SOUTH HARWICH — There is a tremendous need for affordable workforce housing in town, and the community development team will be looking at a proposal this week to utilize the Stone Horse Motel property to provide those accommodations.
Trish Kennedy, CEO of Zudy, the South Harwich-based software company, said on Tuesday she and her husband, Tom, have a purchase and sales agreement on the 2.61-acre Stone Horse Motel property on Route 28 and they will be meeting with town staff on Thursday to discuss using it for workforce housing.
“I think the town realizes there is an extreme shortage of safe and affordable workforce housing,” Kennedy said. “We see a major demand here and this will give them a respectable, safe place to live.”
The former motel units have not been used for several years and the buildings are becoming run down. Kennedy said their concept includes removal of the motel units and retaining and renovating the main building.
On the right side of the main building they propose constructing a pair of two-story buildings with 45 rooms in each. The dormitories would provide double occupancy in each room with shared kitchens. Kennedy said the land to the left of the main building would not be developed, but would be converted to accessible green space. The final project would have less square footage than currently exists, she said.
Local businesses rely heavily on an off-Cape workforce, and Kennedy said many workers who come here and end up living four to a room in conditions that are not safe. She said the couple will stand by their reputation for building quality facilities, and there will be large rooms using innovative designs and providing very comfortable living quarters.
There will be a live-in manager, Kennedy said, with an apartment for the manager in the main building, where there will also be a recreation room, a place to play pool or ping-pong, but in a controlled environment.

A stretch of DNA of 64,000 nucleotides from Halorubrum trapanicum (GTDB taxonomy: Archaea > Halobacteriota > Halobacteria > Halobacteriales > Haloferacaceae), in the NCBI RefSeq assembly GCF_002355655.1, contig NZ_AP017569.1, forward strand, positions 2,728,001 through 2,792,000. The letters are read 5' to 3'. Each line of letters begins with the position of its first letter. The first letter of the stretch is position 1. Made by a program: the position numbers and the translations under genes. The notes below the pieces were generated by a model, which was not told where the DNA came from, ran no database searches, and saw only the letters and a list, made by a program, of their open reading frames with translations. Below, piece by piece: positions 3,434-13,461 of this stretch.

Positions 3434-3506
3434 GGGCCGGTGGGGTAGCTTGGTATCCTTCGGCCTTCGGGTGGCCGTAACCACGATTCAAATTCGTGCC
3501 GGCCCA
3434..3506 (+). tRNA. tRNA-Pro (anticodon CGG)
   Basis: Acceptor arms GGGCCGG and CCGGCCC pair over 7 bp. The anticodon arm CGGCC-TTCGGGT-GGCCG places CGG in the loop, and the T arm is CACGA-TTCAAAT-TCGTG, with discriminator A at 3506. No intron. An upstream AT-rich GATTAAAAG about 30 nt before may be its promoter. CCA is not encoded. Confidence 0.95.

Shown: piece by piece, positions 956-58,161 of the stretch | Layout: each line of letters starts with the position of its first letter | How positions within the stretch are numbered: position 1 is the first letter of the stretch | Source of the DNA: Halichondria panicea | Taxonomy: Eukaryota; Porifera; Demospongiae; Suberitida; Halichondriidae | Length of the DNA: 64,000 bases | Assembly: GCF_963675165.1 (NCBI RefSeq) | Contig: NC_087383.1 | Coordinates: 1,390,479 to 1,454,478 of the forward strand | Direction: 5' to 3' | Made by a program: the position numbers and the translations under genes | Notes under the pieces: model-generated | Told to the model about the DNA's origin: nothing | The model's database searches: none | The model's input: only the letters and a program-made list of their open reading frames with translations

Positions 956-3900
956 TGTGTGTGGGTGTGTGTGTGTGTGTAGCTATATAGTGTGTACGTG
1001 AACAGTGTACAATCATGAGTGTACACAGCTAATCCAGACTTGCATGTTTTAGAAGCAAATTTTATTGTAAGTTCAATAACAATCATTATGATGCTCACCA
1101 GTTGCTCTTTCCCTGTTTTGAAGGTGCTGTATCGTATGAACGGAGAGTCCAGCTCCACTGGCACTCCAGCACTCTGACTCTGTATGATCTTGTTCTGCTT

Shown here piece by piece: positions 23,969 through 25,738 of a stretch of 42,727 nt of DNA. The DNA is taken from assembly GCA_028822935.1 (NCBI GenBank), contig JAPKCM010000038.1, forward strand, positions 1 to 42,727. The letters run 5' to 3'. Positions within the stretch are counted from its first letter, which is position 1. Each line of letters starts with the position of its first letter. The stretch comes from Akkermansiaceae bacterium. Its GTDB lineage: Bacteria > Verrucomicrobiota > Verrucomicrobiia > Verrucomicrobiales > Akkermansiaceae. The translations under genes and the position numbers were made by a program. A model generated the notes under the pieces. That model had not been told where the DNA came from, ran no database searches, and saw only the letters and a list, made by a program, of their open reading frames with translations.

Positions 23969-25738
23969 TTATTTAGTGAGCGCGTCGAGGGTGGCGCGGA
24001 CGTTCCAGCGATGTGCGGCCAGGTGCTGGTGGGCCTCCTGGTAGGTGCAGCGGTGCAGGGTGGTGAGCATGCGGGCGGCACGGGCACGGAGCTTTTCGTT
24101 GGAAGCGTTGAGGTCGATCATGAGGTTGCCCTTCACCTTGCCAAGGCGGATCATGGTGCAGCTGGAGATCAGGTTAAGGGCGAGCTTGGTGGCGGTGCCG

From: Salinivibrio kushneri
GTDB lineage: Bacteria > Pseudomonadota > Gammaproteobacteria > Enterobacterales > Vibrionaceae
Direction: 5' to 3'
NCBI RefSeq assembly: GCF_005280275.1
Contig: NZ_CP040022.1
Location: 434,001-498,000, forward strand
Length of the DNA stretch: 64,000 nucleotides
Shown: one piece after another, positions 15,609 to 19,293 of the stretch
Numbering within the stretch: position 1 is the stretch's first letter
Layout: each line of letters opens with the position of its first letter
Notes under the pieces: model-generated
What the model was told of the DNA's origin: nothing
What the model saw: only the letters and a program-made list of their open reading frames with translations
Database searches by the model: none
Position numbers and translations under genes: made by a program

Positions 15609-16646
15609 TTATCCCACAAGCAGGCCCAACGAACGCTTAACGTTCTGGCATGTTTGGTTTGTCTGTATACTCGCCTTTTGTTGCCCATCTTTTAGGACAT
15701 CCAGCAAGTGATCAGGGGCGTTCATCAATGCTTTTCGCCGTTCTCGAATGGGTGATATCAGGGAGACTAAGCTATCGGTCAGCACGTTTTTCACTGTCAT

The site is ideal, Kennedy said. It is on a bus route and there will be a spot where a bus can pull off the road. Too often these summer workers get out of work late at night and ride bicycles along dimly lit roadways, which she said isn't safe.
The rooms would be heated and insulated and available on a year-round basis. There will be flexible lease arrangements so people can rent as needed. WiFi and cable would be provided, she added.
A lot has happened between the property owner, Outer Cape Health Services, Inc., and the Kennedys over the past year. OCHS concluded the Stone Horse Motel site was not ideal for a new medical center in Harwich and worked with the Kennedys to convert their former BackOffice building across from Saquatucket Harbor into medical facilities and offices. They have entered into a 30-year lease arrangement are presently doing major renovations on the building (see related story).
“(OCHS's new CEO) Patricia Nadle is a practical, focused individual,” Kennedy said. “She negotiated the idea and us buying the Stone Horse from them.”
However, over the past year, when there was no movement on the initial proposal, Kennedy said some zoning protections were lost. Town Planner Charleen Greenhalgh said the motel could have been converted to other types of housing, but she believes after two years zoning protection was lost. Greenhalgh said the workforce housing proposal may require either a special permit or a use variance. Those issues will be discussed in Thursday's meeting.
“The town is struggling with what to do with it,” Kennedy said. “We have put a contract on it contingent upon getting the permits in place. It's a big win for the community. It's what you want – people. They're going to restaurants and shopping in the community.”
Kennedy said they will work with the town and see what has to be done to move the project forward.
“Maybe it will work and maybe it doesn't,” she said.
If the permits are approved, Kennedy said the project could be developed over a nine-month period.